Joe Keatinge, head of PR for Image was also in attendance at the Image booth. "This is easily the best year that I've ever attended," said Keatinge. "It is the best convention I attended this year. We go to a lot of amazing shows. Marc Nathan and the entire Baltimore Comic-Con staff really know how to put together a great, great show. Image is just having an awesome time."

Image took home two Harvey Awards this year, one for "Comic Book Tattoo" for Best Anthology and Bryan J.L. Glass won "Best New Talent" for Image's Mice Templar.

"It's been a great, great show. We had a phenomenal Saturday," said Glass. "Everything else has been Harvey afterglow. The fans have been great, the crowds have been great - I really love to see the expansion of the con this year. To me it feels bigger than past years. Maybe that's my own imagination, but the energy is really high, the turnout is phenomenal, the fan response and interaction with folks is terrific. [It's] always a pleasure to meet longstanding fans and introduce new people to the series, just connecting with fellow professionals, every show I'm meeting new folks. It's my honor and privilege to be here. I feel like someone left the door open and I snuck in without paying, but Mister Harvey says otherwise!"

Another 2009 Harvey winner was "Strangers in Paradise" and "Echo" creator, Terry Moore, who was equally positive about his show experience. "This is a great show. It's very busy, people are buying - everybody's catching up on their collections, they're buying art. It's just a fantastic show. It gets better and better. It's growing, and I've noticed that all the comic book shows this year have been good despite the bad news in the country, and this one is finishing out the season for me on a really high note. It's the best one of them all."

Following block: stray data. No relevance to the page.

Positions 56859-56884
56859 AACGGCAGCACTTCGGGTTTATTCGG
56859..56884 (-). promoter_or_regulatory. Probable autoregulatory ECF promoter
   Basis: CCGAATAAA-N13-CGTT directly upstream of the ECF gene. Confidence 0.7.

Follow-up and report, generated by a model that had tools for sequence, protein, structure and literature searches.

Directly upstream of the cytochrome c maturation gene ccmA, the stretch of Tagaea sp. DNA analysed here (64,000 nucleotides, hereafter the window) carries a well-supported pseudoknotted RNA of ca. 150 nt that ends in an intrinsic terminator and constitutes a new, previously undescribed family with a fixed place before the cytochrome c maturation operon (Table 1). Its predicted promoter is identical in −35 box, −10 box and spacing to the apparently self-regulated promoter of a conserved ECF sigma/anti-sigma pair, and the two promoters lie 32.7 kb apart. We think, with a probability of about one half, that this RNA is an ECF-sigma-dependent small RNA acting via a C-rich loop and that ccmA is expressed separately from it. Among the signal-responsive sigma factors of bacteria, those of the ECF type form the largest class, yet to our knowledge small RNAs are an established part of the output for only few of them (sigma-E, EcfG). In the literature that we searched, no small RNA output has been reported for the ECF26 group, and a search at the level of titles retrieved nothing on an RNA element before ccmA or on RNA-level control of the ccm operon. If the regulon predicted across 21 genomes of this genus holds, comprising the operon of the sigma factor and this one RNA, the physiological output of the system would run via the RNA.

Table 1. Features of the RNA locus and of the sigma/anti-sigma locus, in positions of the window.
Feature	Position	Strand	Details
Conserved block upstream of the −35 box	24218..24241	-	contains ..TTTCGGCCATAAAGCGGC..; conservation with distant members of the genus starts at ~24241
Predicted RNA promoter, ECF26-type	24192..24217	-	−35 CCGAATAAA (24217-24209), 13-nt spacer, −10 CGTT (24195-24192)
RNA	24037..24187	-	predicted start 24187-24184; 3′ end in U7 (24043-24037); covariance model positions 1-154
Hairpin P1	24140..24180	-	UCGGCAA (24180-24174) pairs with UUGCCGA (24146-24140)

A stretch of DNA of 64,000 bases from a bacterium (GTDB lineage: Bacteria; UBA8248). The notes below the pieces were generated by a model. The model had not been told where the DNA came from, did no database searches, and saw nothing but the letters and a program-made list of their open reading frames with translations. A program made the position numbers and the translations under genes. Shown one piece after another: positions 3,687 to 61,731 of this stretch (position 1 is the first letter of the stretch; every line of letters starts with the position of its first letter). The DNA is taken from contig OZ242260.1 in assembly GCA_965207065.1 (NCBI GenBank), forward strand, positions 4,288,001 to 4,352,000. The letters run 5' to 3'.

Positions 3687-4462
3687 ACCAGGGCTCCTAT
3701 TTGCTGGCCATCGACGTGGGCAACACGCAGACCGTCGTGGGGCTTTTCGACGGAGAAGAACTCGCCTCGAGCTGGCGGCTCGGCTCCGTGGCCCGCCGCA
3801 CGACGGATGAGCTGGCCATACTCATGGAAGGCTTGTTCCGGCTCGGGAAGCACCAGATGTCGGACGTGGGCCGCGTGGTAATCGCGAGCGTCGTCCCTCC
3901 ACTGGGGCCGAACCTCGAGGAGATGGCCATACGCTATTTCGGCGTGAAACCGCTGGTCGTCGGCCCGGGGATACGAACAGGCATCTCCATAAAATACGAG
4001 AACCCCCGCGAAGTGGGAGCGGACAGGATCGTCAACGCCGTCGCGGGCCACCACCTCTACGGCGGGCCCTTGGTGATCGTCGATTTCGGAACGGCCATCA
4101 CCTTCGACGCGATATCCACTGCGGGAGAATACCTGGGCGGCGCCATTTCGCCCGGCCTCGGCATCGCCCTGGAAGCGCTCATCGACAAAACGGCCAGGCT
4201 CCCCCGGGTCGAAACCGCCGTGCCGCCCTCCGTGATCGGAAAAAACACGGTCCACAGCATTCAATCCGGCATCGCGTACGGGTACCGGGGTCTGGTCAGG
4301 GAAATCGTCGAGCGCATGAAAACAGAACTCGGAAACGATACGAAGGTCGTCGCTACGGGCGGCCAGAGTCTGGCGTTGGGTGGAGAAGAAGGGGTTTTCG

Additionally, the Harvey Awards Master of Ceremonies, "PvP" creator and longtime BCC attendant, Scott Kurtz, had nothing but good things to say about both the show and its staff. "I've been coming here since about 2003. Baltimore is like the Emerald City Comic-Con and Heroes Con," said Kurtz. "You can't say it's a smaller show anymore, but it started out as a smaller show, run by a guy who also runs a comic book shop who loves comics. You walk around here, and you can see this is where comics is. All the other shows have a lot of media guests, and Marc really says, 'No, this is about comics.' It's one of the last shows that really is all about comics. I think that's why it does so well."

Dynamite Entertainment also had a strong showing at this year's BCC, revealing that Matt Wagner will be writing "Green Hornet: Year One." "We love the Baltimore show. Marc does a great show," said Dynamite Editor Joe Rybandt. "Each year seems to be more and more people. I do a lot of shows. We were in San Diego, we were in Chicago, we were in Philly. Those are good shows, but this show's got a great crowd, Baltimore's a great town."

While most professionals had an easy time getting to the convention, Dark Horse editor Scott Allie went to extraordinary lengths to attend the show this year. Allie, whose travel plans were interrupted by a cancelled Delta flight, rented a car with four strangers from Chicago to Baltimore in order to reach the convention. However, this did not dull his enthusiasm toward the convention. "It's great. It seems like maybe attendance is down a little bit, but everyone's saying they're selling really well," said Allie. "I feel like we've been busy, we haven't been slow, but last year the aisles were crowded with people. This year it's a little less so. The people who are selling have all been telling me that they've been doing great and it hasn't been any slower for them. The greatest thing about Baltimore is the writers and artists that Marc gets here is just amazing. For a show of this size, it has the greatest guest list you could ask for. That's why we want to come and that's why we get the turnout of fans that we get."

"The outstanding thing is that, if you go to any convention where there's mixed media, you can look down an aisle and look at a bunch of people, but you don't really know exactly why they're here," said Marc Nathan. "They could be here for an autograph from a movie star, they could be at a convention to buy something that isn't necessarily related to comics. Everyone in this building, that's in those lines and in those aisles, is there for one thing, and that's comics. There isn't one other reason they're in that room. There's no other reason to bring them there [except] the want for comic and comic book related materials."